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The 'soft war' against America's enemies is fueled by video games and movies

It may seem like a whole lot of smoke for very little fire.

Hackers break into the digital catacombs of Sony Pictures Entertainment and make off with terabytes of stolen data including the plot lines of unannounced movies, the nasty internal emails of Hollywood executives, and the temper tantrums and petty requests of beloved actors.

That North Korea somehow might have a hand in the hack, spurred by anger regarding a satirical movie about their leader, doesn't do much to help raise the breach beyond the sort of plot you might find in a mindless summer blockbuster.

But, at least to North Korea, this is most likely war.

The notion of a "soft war," perhaps best identified with Iran, hasn't been around for long. It's built on the premise that along with a war of weapons and soldiers for the physical land and bodies of the enemy, there is an ongoing war by the West to erode the internal culture of countries like Iran, China and North Korea.

In 2009, the Iranian Revolutionary Guard Corps outlined what they described as a "soft war" being waged against Iran by the West. The government believed and believes that enemies of the state are using cultural influencers like movies, television and video games to try and rot out the culture and identity of that country from the inside. It is a concern so overwhelming for the country's government that in 2012, Iran's parliament allocated a hundred million dollars toward defending against it, according to the Center for Global Communications.

That money went into more proactive projects, like creating video games aimed at reinforcing what the government believes should be the country's ideals. They backed a game about Salman Rushdie, in hopes of teaching a new generation of Iranians about the 25-year-old fatwa against the author.

The country's government saw its game and one other as the wall holding back the soft war powered by nearly 150 Western games.

China too worries over an ideological soft war. The country, Jamestown Foundation reports, sees itself as the target of "powerful Western political, military and media efforts to pursue neoliberal strategies of ideological world dominance."

It's the sort of thing — the injection of Western culture, Western ideals, Western beliefs — that can topple governments from the inside. Take the Soviet bloc, an example some believe, of using a soft war to prepare a country for a change to democracy.

And as China begins to open its doors to Western culture and Western money, some of the sorts of entertainment projects that could be seen as offensive in China have received a quick shift, changing focus to become more anti-North Korea.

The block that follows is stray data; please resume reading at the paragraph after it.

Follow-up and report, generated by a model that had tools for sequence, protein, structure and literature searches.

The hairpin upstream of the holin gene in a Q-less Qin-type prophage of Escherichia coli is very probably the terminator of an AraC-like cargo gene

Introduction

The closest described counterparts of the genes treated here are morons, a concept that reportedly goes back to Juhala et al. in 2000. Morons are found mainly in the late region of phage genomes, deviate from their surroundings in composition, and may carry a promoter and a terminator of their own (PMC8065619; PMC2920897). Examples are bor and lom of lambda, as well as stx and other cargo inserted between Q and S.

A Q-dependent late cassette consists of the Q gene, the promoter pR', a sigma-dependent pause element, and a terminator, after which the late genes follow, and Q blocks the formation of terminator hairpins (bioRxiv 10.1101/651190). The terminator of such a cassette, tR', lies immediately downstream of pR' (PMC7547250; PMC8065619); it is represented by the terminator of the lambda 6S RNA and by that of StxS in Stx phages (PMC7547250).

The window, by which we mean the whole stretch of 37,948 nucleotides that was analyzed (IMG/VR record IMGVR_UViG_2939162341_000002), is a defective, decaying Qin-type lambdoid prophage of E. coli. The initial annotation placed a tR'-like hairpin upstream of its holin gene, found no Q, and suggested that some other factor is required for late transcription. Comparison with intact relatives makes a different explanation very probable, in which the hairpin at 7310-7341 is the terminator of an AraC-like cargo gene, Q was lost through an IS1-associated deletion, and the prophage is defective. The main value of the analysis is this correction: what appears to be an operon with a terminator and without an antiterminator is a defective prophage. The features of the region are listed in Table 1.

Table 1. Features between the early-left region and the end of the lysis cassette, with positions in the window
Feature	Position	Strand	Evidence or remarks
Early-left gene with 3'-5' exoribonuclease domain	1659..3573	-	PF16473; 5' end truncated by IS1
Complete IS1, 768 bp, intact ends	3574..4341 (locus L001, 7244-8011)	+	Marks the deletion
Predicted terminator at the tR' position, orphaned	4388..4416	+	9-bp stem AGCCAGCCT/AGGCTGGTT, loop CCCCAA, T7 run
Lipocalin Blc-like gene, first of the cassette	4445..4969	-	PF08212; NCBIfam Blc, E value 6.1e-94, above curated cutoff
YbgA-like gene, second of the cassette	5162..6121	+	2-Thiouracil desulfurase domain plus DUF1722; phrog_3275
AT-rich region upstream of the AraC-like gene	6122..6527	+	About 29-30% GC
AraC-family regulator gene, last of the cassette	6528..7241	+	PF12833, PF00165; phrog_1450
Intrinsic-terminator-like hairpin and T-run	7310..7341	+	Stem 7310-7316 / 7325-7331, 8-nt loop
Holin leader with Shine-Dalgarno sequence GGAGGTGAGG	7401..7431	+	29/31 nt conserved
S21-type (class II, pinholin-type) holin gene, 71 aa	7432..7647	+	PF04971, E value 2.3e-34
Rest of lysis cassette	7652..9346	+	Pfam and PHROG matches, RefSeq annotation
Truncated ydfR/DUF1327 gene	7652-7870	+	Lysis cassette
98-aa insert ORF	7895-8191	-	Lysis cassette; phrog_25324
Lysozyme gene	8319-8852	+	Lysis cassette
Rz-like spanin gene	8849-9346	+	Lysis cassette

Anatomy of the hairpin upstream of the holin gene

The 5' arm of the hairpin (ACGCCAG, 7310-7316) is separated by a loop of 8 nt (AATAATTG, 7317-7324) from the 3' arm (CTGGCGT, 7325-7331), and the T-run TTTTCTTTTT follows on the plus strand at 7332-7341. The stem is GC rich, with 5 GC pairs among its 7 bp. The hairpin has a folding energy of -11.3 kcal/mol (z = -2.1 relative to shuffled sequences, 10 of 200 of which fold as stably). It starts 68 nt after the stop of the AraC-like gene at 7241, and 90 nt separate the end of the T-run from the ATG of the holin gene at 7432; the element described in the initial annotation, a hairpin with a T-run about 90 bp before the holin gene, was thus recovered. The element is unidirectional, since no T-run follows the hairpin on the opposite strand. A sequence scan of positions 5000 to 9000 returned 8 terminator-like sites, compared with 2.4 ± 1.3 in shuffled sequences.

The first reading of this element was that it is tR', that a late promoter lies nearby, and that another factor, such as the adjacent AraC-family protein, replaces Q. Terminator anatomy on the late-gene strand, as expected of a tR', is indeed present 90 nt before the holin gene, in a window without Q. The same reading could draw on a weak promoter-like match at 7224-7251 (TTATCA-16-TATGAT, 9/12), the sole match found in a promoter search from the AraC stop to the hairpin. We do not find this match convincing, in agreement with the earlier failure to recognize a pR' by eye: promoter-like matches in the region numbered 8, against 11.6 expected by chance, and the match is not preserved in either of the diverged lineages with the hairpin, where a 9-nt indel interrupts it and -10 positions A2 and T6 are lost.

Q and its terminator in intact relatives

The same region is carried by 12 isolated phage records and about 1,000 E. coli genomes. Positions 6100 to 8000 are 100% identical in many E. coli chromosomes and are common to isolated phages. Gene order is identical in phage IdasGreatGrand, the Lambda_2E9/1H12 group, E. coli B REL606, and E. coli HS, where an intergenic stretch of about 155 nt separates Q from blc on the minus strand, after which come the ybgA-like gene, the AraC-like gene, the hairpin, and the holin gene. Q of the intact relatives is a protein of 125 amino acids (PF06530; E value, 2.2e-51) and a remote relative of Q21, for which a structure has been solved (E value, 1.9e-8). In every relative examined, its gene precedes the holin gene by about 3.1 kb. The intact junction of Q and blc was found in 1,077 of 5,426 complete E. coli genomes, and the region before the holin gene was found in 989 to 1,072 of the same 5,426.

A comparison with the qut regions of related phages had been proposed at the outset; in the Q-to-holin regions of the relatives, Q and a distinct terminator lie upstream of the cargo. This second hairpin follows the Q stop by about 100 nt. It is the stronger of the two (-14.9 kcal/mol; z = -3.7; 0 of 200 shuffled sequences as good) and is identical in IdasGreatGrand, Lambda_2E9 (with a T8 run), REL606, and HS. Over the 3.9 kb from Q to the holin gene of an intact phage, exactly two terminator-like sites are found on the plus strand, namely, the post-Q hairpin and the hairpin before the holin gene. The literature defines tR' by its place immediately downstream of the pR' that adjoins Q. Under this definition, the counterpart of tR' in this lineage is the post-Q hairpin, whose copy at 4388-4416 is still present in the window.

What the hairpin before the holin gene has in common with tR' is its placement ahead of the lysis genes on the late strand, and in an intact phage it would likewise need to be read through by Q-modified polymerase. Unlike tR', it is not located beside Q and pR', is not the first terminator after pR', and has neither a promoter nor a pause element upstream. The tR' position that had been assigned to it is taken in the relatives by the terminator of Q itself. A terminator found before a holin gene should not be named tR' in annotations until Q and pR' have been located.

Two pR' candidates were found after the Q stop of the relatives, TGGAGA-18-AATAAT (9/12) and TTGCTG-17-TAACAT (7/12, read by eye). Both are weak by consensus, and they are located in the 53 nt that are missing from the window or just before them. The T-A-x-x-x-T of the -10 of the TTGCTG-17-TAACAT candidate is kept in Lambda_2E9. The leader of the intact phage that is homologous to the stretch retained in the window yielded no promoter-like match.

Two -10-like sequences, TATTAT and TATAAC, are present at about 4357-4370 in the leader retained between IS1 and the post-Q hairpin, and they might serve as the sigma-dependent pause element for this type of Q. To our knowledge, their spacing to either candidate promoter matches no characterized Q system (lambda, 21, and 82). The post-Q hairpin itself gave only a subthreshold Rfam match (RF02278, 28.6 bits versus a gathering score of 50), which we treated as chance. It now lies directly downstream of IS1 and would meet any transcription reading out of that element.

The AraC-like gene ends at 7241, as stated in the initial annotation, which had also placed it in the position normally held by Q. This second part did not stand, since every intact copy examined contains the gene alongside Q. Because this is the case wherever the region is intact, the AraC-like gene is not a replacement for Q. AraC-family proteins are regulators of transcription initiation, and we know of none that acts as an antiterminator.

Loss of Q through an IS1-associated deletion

The modern remake of Red Dawn recast the U.S.S.R. invading force as coming from China initially. That was changed to North Korea. The same is true for the video game Homefront, which, at one point, was to feature a Chinese infiltrating army, but shipped with a North Korean one.

So enter North Korea and Kim Jong-un, the third supreme leader of that country. And enter The Interview, Sony Pictures' movie about an attempt to kill that leader.

Kim is nearly deified in North Korea, held up not only as the epitome of what it is to be a North Korean, but also as godlike.

Releasing a film that includes a very un-godlike death scene for Kim could easily be seen by North Korea as an act of soft war, and it was.

After hearing of the film, North Korean state news agency KCNA said that "making and releasing a movie on a plot to hurt our top-level leadership is the most blatant act of terrorism and war and will absolutely not be tolerated."

Then it began to threaten and cajole, pushing Sony, the White House and the United Nations to prevent the movie from coming out.

Last month that talking and inaction came to a stop, and on Nov. 24, Sony discovered hackers had broken into their system and stolen and deleted terabytes of information. That information has been leaked out to the press in waves.

This week those leaks took a darker turn, seemingly including a threat to attack movie theaters that show The Interview.

"Soon all the world will see what an awful movie Sony Pictures Entertainment has made," according to the note. "The world will be full of fear. Remember the 11th of September 2001. We recommend you to keep yourself distant from the places at that time. (If your house is nearby, you'd better leave.)"

North Korea has denied any connection to the hack attack. But if there is a soft war, if Hollywood is, knowingly or not, involved in an attempt to destabilize North Korea's government and Kim's dictatorial grasp on his people, this attack was one of this secret war's most noticeable counter-strikes. One that does what some government officials in Iran have long urged: Turn a soft war into a hard one.

Good Game is an internationally syndicated weekly news and opinion column about the big stories of the week in the gaming industry and its bigger impact on things to come. Brian Crecente is a founding News Editor of Polygon.